CARSON, Calif. – Chris Wondolowski isn’t going to lie: There were times over the past few months when he wondered if he’d ever make it back into a US national team uniform.
Despite bagging 34 goals over the past two seasons for the San Jose Earthquakes, the veteran forward hasn’t been able to live down an open sitter he muffed late in an eventual 2-1 loss to Panama in last summer’s Gold Cup. Then there was the massive turnover after Bob Bradley was replaced by Jurgen Klinsmann shortly afterward.
It was enough to make Wondo ponder the possibility that he’d worn the Red, White and Blue for the last time.
“You always have that wonder,” he admitted to MLSsoccer.com on Monday. “All you can really do is play as well as you can. Sometimes coaches have different mindsets and different systems and sometimes you don’t fit into that.”
But somewhere over the past few months, Wondolowski has done enough to attract Klinsmann’s attention, earning a spot in the first January camp under the new regime. Wondo’s MLS play continues to speak for itself – he remains one of the best finishers in the league – but the goal now, he says, is translating that to the international level and making sure he remains on Klinsmann’s radar.
He’s done his part so far in this camp, banging in a goal and adding an assist for the senior squad in last week’s 4-0 scrimmage victory over their Under-23 counterparts. Wondolowski admits that performance got a bit of the monkey off his back at the national team level, even if it wasn’t in an official game.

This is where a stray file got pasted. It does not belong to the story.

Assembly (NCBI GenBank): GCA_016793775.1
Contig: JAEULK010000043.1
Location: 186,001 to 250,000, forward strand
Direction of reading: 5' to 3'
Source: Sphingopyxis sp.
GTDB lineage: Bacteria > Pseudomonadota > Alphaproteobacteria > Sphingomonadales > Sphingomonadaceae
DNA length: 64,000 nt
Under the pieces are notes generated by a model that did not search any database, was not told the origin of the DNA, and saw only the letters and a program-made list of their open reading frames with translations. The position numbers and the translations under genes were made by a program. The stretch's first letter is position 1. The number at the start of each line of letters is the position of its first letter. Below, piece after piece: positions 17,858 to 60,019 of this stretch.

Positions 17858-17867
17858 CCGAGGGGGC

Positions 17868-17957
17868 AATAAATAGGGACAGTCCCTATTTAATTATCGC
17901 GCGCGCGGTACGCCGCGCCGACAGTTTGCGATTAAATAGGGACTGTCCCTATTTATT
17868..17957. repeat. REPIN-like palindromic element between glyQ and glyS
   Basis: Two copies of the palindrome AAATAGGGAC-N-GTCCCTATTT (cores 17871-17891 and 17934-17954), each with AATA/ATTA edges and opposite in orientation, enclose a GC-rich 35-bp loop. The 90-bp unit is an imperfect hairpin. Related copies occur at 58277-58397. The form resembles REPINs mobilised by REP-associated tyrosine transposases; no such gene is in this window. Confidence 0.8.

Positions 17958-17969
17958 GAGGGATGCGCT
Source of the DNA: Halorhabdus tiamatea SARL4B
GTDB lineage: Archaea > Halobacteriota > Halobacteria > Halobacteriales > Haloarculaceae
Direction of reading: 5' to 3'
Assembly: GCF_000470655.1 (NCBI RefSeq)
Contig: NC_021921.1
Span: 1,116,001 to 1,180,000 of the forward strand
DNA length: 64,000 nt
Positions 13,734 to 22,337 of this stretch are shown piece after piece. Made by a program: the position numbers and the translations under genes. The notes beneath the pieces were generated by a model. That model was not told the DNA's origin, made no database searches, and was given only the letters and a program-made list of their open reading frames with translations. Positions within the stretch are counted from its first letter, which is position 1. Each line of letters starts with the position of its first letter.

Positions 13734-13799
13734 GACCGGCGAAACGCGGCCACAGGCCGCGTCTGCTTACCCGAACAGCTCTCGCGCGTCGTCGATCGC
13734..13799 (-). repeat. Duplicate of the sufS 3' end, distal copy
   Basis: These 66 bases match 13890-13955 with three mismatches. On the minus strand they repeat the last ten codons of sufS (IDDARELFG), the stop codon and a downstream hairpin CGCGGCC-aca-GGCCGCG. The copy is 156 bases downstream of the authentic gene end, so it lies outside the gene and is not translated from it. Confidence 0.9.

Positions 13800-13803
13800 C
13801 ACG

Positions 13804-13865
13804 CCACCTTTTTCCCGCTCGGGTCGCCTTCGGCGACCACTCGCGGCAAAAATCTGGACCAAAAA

“Any time you score a goal at this level, it’s nice,” he said, “especially for me, because they come in bunches or [I go through] dry spells. Hopefully that can continue and I can really try to build off that.”
Wondolowski wants to win Klinsmann’s confidence, of course, and add to his five caps for the US. But there’s also a part of him that wants to put the memory of that blown opportunity against Panama behind him. He admits he replays that moment in his head often.
“But the way it runs through my head is kind of a motivational thing,” he explained. “It’s a humbling thing, but it’s one of those things that drives me. It keeps me going, makes me work harder.”
If Wondo’s hard work in this camp pays off, he may get a unique chance to atone for that miss against the very same opponent when the US travel to Panama City for a rematch in a friendly against Los Canaleros on Jan. 25. And maybe that’s the way it had to be drawn out, he says.
“To be truthfully honest, I really do believe everything happens for a reason, and I think I’ve grown as a player and a person from it,” he said. “I’m really hoping to get a crack at them again.”